By transforming its supply chain to achieve best-in-class metrics, Avaya remains a leader in the telecom industry.
By Staci Davidson, Senior Editor at Knighthouse Publishing
Avaya is a global leader in digital communications software, services and devices, serving 90 percent of the Fortune 500 and 130,000 businesses worldwide. The company delivers tools and services to businesses of all sizes, enabling mission-critical, real-time communication applications. For example, Avaya’s technology has powered Pro Football’s draft, and its contact center infrastructure has been recognized as best in the industry. Its supply chain is key in this leadership, and customer satisfaction is Avaya’s top priority, according to Benji Green, executive director of integrated supply chain planning.
“We can do on-premise, semi-hosted or fully in-the-cloud systems, with a legacy in large enterprise,” Green explains. “Our business serves the top hotels, top airlines and the largest of the largest companies.”
But Avaya was not always winning awards for its supply chain reliability, and that is a problem when it’s serving critical business functions for large enterprises. In fact, nearly eight years ago, Avaya’s then-CEO was highly critical of the company’s supply chain, according to Green, and it has worked hard since then to reach its current best-in-class status.
Avaya started its supply chain turnaround by bringing in new leadership, including Fred Hayes, SVP Supply Chain, each with specific expertise, going through a major acquisition with Nortel and bringing in new talent for most of its functions, Green explains. After taking “aggressive, hard steps to bring in the right people and processes,” he says, the company established a strategy to greatly enhance its operations.
“We had to go through our people transformation, set the goal of becoming best-in-class and then created our mission statement,” Green says. “Our goal is to exceed customer and employee expectations while fueling profitable growth. We also needed to focus on supply chain collaboration and planning with the sales and operations departments.”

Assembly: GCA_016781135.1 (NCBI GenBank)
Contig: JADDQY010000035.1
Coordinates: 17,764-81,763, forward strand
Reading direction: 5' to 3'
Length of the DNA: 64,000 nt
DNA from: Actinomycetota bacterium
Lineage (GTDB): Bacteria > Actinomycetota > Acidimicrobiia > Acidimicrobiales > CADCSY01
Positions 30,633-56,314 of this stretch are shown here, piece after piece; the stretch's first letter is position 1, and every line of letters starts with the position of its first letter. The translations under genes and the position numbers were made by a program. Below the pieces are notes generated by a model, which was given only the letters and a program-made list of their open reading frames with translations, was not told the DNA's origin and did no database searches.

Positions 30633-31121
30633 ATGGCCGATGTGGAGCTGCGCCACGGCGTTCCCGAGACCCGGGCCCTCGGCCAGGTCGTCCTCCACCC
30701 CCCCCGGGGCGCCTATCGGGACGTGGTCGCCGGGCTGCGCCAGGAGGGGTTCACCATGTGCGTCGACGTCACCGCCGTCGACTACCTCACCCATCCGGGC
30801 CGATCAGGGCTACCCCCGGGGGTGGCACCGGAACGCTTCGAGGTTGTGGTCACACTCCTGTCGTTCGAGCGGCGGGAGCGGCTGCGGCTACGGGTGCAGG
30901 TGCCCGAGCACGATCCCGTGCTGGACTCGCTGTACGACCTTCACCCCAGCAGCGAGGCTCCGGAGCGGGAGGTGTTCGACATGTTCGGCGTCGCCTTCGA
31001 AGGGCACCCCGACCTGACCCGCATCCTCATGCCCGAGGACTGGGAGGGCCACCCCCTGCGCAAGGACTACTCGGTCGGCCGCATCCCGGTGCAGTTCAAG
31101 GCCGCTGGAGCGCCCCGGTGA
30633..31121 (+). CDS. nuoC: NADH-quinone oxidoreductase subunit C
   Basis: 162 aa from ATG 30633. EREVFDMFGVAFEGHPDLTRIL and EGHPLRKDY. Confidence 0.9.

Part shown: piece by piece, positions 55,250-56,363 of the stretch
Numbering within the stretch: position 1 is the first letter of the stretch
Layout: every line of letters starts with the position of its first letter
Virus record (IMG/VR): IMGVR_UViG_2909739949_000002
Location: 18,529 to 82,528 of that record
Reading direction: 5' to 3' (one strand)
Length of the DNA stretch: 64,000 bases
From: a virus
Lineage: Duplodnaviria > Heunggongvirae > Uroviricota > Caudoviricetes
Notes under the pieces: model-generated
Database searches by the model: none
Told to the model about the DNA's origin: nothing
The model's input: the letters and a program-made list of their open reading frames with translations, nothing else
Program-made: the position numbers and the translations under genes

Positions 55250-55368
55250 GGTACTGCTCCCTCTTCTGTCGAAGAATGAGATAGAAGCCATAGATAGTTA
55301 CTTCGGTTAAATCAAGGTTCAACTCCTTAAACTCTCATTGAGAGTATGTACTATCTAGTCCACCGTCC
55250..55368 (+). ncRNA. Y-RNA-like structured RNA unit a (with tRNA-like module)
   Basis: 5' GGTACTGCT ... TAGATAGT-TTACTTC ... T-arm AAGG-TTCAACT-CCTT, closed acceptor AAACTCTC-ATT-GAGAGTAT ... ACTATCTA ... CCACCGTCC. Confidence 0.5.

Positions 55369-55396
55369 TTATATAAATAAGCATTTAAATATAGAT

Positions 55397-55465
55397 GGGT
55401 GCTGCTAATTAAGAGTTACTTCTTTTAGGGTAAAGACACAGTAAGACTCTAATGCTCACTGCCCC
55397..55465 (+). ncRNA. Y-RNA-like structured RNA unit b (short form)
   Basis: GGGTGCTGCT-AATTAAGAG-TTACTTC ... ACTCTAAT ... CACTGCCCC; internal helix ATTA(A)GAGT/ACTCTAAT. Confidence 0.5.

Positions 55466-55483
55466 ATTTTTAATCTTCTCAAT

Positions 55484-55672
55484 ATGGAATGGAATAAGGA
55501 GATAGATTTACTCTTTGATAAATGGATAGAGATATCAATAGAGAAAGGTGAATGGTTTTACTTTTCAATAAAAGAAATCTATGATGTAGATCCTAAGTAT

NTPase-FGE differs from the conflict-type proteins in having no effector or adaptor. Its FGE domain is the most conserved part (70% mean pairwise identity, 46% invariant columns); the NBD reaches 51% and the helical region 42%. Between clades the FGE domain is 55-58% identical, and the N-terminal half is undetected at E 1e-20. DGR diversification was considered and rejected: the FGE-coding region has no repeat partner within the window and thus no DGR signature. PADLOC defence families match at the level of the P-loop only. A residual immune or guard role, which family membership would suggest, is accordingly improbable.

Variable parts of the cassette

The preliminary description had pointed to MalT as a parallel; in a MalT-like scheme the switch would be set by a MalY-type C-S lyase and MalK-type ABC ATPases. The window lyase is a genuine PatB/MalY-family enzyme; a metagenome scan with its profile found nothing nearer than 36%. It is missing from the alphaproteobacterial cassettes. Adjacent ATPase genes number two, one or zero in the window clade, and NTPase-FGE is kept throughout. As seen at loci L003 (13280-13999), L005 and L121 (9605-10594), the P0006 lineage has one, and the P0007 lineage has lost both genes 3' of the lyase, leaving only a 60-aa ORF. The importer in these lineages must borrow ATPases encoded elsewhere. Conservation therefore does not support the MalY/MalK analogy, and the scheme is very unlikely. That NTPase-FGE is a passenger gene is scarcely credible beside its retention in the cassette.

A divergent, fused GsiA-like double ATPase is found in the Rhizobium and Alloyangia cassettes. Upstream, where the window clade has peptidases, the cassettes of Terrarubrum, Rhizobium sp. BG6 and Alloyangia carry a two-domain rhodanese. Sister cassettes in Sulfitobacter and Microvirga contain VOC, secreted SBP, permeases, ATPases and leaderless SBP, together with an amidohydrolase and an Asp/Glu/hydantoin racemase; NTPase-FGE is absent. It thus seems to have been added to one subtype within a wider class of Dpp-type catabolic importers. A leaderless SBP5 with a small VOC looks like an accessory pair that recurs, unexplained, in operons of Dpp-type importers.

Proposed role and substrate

At that time, Avaya was “deeply entrenched” in bad relationships with some contract manufacturers, Green notes, and although its supply base was broad, it was inflexible. To change this, the company transitioned its sourcing across the board by consolidating its spend among fewer vendors, making it a much better customer to these partners and allowing it to build relationships with them. Avaya also was able to put more into ocean transit with the establishment of vendor-managed inventory systems, which greatly reduced its costs and increased its on-time delivery.
“This gave us so much more flexibility, and I can’t overstate the importance of being able to collaborate with our suppliers,” he says. “We worked out incentives with them to get better component deals and did a cost-sharing model where we had incentives to drive-down costs. This took tens of millions out of our product costs each year.”
At the same time, the supply chain team built an S&OP team, collaborating across the company, improving communications, and doubled down on the Rapid-Response tool and initiative. This allowed Avaya to have increased supply-demand visibility, driving down Past Dues by 90 percent, reducing air freight by 75 percent, and reducing inventory by 85 percent.
Next the company shifted its work to the on-demand planning process, reduced the number of plannable parts by 40 percent and separated its sales forecast from the delivery forecast, which allowed for honest communication between sales and its supply base, Green says. Additionally, Rapid Response bridged multiple MRP instances, harmonizing and synchronizing the data and automating non-value added work. By monitoring its products’ lifecycles, seeing its inventory in real time and adding its CRM data, the company gained the ability to forecast for months in advance and can model its product transitions with almost perfect accuracy.
“We had incredible collaboration with the sales organization,” Green explains. “Next we focused on the financial piece of S&OP to create margin by product, margin by region and price barriers. Now, our financial outlooks are 98 percent accurate.”
After going through a couple other improvement phases that involved enhanced dashboarding and eliminating inventory burdens on its accounting team, Green notes, Avaya hit all of their external benchmarked best-in-class metrics by 2017.
Now, the supply chain team is focused on helping Avaya move to the cloud and add value-added services for individual customer orders. It also is investing in collaboration tools with its maintenance networks to improve on-time shipping and operational efficiencies in that area. Green stresses that the strength of Avaya’s supply chain will allow it to continue improving.
“We are recognized as having the best products in the industry, and that is the reason why our customer base is so loyal,” he says. “Our supply chain transformation really came from our culture of insisting we be best-in-class. Someone on our team looks at parts shortages every day – we have rigorous metric management and we are very analytical.
“If we don’t have the right culture and right continuous improvement initiatives and rigor, we can’t do these things,” he adds. “We look at what the data tells us, do what’s best for our customers and manage with low ego and high accountability. That allows for ongoing transformation and sustained success.”